A number of therapists said their clients whose husbands are porn addicts are just as devastated as the women whose husbands have had affairs.

How does this betrayal approach work?
First it addresses the betrayal, helping her stabilize, mourn, and set boundaries. Only then does it works on the relationship. According to trauma researchers, hindering normal responses to betrayal is what can turn a threatening situation into a traumatic one. If a woman is heard, if she can fight or flee the situation, then she becomes stronger. And if her efforts are supported by others, her sense of community strengthens as well. But shutting those responses down can increase her panic, simply because she no longer has a say in what’s happening to her. Addressing the betrayal as betrayal helps prevent any more trauma and deal with what is at hand.

Does it work? Yes.
The quick turn around happens because it focuses on the issues at hand:

  • Her pain is real
  • She may have been traumatized,
  • Any trauma has to be addressed if she is going to heal
  • And until it’s addressed the relationship will have difficulty healing deeply.

Are actions of self-preservation after betrayal sick or healthy?

According to many doctors and researchers, instead of being “sick,” a betrayed wife’s reactions to her husband’s betrayal by setting boundaries can show she previously formed a healthy bond with her spouse. She’s trying to limit the trauma so she can get back to that. She’s not trying to control him.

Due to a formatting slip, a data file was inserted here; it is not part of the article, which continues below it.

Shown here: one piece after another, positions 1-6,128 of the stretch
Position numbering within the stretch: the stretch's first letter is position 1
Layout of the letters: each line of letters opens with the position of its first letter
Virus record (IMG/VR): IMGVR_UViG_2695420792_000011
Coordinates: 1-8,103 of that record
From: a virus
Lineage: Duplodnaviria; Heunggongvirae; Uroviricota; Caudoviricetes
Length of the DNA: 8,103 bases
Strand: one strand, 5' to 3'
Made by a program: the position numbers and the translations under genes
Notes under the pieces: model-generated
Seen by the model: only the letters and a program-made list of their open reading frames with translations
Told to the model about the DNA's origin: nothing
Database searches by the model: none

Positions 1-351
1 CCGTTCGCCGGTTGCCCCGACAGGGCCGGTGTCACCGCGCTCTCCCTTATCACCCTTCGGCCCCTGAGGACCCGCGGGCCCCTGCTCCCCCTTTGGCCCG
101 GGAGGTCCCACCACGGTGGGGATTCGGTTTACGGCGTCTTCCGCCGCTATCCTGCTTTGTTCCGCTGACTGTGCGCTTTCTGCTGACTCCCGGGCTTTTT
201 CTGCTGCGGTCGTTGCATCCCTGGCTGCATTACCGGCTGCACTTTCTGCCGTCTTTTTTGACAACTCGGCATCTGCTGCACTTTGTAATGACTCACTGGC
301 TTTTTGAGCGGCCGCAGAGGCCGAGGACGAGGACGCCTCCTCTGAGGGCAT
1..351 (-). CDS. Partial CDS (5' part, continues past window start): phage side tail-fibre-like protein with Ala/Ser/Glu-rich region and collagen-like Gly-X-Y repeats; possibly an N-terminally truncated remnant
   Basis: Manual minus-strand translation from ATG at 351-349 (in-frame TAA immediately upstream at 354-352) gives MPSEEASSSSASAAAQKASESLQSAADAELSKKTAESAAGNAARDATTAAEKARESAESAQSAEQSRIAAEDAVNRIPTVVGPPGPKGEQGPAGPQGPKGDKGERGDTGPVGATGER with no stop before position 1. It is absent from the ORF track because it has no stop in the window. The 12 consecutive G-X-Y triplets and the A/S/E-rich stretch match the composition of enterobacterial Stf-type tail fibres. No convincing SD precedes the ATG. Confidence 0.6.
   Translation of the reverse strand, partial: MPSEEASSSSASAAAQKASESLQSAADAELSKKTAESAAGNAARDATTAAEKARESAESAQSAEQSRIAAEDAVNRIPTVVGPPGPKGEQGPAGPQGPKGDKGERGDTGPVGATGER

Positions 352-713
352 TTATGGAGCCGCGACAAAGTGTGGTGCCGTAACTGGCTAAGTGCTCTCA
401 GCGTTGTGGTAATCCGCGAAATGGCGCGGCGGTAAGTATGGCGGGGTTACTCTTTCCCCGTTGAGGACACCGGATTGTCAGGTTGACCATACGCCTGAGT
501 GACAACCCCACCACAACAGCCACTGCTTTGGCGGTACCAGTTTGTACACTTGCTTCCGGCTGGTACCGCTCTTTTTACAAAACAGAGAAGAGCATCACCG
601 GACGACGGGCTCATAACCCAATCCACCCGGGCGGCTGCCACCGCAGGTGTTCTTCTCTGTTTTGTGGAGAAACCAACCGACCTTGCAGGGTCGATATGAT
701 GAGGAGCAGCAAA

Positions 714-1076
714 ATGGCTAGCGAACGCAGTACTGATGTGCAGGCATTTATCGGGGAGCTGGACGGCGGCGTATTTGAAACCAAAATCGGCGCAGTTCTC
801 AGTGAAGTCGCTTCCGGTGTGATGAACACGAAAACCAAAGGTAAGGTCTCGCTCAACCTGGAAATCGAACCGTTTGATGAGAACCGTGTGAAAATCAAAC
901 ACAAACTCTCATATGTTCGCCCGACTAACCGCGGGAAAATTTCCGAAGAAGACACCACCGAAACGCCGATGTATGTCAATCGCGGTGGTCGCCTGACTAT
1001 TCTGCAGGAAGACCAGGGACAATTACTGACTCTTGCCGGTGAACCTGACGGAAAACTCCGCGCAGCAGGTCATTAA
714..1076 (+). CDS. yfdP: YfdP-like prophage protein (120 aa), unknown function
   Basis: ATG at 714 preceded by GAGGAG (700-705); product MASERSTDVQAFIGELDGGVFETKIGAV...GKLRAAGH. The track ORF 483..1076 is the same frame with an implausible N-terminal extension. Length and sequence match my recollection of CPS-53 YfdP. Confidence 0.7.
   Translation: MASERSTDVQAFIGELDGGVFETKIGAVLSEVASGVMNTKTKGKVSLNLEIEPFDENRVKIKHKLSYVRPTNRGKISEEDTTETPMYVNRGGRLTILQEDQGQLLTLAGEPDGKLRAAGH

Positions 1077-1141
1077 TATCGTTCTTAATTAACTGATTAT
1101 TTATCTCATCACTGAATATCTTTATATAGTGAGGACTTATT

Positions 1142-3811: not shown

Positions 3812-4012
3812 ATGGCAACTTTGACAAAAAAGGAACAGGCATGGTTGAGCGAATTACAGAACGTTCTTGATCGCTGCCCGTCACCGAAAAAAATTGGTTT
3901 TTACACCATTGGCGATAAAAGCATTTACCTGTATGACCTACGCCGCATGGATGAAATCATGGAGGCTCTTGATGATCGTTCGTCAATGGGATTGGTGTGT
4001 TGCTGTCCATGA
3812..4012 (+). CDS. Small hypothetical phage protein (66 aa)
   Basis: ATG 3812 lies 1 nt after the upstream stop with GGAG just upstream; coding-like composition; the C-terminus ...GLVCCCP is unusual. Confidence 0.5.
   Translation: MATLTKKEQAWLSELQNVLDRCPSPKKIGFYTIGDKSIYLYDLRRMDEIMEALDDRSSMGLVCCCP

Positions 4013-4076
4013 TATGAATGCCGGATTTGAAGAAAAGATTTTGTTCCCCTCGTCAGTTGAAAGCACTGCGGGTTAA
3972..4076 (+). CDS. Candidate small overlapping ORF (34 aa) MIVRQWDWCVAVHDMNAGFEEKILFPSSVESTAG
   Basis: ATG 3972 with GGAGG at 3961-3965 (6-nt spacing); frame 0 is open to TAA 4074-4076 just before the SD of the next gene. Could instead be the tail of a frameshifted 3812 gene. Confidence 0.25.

Daniel Siegel, a doctor who’s spent years researching how we attach to one another, mentioned this in a training:

Expecting loyalty—and expecting to be heard after injury—indicates a secure, healthy attachment.

Because our attachments are directly affected by betrayal, some things that seem codependent just aren’t; they’re healthy expectations.

The betrayal trauma lens sees attempts to limit on offender’s behavior or respond to an offender’s behaviour as natural attempts to overcome the traumatic incident and return to a secure, healthy attachment.

Does Focusing on Trauma Make Everyone Feel Like a “Victim”?

While that is a possibility, what I’ve seen is this: When women realize something serious is happening to them, they become much more motivated to make real and lasting change.

The Different Messages between the Two Therapy Lenses

When the Codependent message is applied in a judgmental way (as indicated by C below), its messages can differ wildly from the Trauma approach (T):

The woman who sends her husband’s phone to a friend might be called controlling (C), or her actions can be called understandable (T).

The woman who checked the emails of her adulterous husband may be told to figure out what she did to cause the affair (C), or she can be told, “When you’re with someone who has a history of lying to you, checking behavior is normal for a time.” (T).